In your case, the SS would be the protected fielder, and therefore F5 is vulnerable for an OBS call if he gets tangled up with the runner.  This is all lacking anything intentional by the runner to interfere with any part of the play.

Sounds to me like F5 got in the way, and it would be called OBS.

Just wanted to have you understand the term "protected" vs. "Non protected" fielder.

Mike

Las Vegas

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18 hours ago, Vegas_Ump said:

When more than one fielder is attempting to make a play on the ball, the umpire must judge right away which one is the "protected" fielder.  This means, that if the runner and THAT fielder get tangled, he may rule Interference.  Therefore, once the ump has determined who is protected, that means any other fielder might be Obstructing.  

Although the general claim that the umpire must identify the one protected fielder is correct, that determination can change as play develops. The determination of who is protected is not once and for always.

And if a fielder loses his protection, then he must "disappear," or be liable for OBS.

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3 hours ago, maven said:

Although the general claim that the umpire must identify the one protected fielder, that determination can change as play develops. The determination of who is protected is not once and for always.

And if a fielder loses his protection, then he must "disappear," or be liable for OBS.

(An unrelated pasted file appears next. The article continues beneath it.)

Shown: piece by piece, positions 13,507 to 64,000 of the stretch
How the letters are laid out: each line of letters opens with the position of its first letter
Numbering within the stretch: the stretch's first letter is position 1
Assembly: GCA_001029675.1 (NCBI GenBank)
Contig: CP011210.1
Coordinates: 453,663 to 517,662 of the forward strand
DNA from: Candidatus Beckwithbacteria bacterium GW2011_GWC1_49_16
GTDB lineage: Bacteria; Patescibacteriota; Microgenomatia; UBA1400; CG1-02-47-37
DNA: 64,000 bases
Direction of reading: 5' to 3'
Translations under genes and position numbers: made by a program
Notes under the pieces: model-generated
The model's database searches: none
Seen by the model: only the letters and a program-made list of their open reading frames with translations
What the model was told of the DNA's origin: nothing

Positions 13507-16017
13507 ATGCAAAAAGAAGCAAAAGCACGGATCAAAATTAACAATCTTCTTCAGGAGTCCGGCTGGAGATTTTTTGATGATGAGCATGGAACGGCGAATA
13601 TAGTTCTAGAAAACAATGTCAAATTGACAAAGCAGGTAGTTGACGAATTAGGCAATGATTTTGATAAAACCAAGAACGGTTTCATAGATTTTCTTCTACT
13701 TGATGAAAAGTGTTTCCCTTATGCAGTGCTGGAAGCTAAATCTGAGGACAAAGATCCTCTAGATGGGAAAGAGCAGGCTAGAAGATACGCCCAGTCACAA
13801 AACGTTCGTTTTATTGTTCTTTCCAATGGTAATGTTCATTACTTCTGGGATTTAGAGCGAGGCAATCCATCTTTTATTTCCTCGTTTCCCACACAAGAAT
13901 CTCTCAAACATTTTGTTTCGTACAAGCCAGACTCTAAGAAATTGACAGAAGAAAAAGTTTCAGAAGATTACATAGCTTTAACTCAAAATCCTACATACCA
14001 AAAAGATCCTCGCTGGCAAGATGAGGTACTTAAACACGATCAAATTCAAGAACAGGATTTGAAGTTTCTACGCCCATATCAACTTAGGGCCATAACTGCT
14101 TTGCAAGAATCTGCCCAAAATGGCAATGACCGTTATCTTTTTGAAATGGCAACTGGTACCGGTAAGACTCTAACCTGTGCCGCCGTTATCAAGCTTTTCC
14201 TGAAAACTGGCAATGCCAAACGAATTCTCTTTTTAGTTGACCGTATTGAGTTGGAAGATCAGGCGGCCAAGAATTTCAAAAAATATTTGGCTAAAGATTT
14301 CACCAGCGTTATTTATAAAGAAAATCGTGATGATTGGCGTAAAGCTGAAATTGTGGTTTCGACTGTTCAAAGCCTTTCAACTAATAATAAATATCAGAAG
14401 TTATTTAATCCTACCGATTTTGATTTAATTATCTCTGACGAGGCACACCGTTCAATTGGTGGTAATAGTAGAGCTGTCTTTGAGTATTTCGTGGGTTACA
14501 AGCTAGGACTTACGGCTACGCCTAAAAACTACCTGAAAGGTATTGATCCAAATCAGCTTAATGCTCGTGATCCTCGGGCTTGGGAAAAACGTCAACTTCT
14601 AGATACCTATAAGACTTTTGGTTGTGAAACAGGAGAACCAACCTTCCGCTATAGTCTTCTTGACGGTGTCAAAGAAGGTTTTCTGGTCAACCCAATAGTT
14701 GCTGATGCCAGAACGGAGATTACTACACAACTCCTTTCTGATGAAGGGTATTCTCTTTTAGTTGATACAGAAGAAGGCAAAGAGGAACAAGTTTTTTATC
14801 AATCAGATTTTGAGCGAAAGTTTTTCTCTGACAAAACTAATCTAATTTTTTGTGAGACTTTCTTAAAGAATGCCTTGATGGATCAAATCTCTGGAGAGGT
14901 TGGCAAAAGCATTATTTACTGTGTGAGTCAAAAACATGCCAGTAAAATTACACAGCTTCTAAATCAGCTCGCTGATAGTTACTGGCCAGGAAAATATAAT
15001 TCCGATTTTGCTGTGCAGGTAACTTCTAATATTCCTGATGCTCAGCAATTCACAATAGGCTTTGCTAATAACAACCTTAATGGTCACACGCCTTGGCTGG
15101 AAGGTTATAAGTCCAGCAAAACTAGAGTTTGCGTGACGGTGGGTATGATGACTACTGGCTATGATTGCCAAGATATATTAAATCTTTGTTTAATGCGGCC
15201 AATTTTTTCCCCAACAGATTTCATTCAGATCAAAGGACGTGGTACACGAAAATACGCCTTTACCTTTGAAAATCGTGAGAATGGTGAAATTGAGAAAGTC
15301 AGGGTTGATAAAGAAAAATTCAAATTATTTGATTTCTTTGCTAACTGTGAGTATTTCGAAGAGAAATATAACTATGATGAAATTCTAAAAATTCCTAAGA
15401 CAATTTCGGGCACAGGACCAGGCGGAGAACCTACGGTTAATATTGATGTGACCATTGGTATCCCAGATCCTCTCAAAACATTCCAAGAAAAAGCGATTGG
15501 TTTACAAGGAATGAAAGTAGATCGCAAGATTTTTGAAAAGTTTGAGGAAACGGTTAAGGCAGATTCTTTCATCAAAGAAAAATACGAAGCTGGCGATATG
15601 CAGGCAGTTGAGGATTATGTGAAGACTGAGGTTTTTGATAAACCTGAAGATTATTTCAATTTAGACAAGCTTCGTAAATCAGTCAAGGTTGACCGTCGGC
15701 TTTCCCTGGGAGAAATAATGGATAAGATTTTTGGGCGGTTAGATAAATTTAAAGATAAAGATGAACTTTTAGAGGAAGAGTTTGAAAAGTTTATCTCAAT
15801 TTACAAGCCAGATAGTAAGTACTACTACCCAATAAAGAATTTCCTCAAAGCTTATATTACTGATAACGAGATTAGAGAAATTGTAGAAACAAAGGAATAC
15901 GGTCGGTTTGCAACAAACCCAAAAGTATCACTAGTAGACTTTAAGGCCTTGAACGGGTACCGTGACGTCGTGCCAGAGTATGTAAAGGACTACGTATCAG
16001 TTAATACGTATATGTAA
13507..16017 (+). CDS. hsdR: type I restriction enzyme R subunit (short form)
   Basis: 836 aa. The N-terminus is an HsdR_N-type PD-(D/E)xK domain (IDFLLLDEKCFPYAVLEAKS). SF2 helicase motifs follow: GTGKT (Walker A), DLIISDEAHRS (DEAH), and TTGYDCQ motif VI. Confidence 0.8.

Absolutely!  Good point!

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Isn't obstruction/interference a judgement call?   Can you really protest based on that?   I thought you could only protest based upon rules interpretation.

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39 minutes ago, BLarson said:

Isn't obstruction/interference a judgement call?   Can you really protest based on that?   I thought you could only protest based upon rules interpretation.

It is a judgment call, but the OP suggests that the umpire recognized the runner was impeded and used an improper application/misapplication/lack of application of a rule to justify the call/noncall.

A collision between a runner and a fielder may be many things, but train wreck is not one of them that falls within the rules with a very limited list of exceptions. This is not one of them.

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On 7/13/2020 at 1:42 PM, BLarson said:

Isn't obstruction/interference a judgement call?   Can you really protest based on that?   I thought you could only protest based upon rules interpretation.

You can use incorrect rule application to come to a wrong (or even right) judgment.   This is why it's sometimes reasonable to ask an umpire to explain their judgment.  Force play to second base, looks like runner is out by a step...did the ump call the runner safe because he judged the runner beat the ball (judgment) or because the runner wasn't tagged (also judgment, but paired with an incorrect application of a rule)?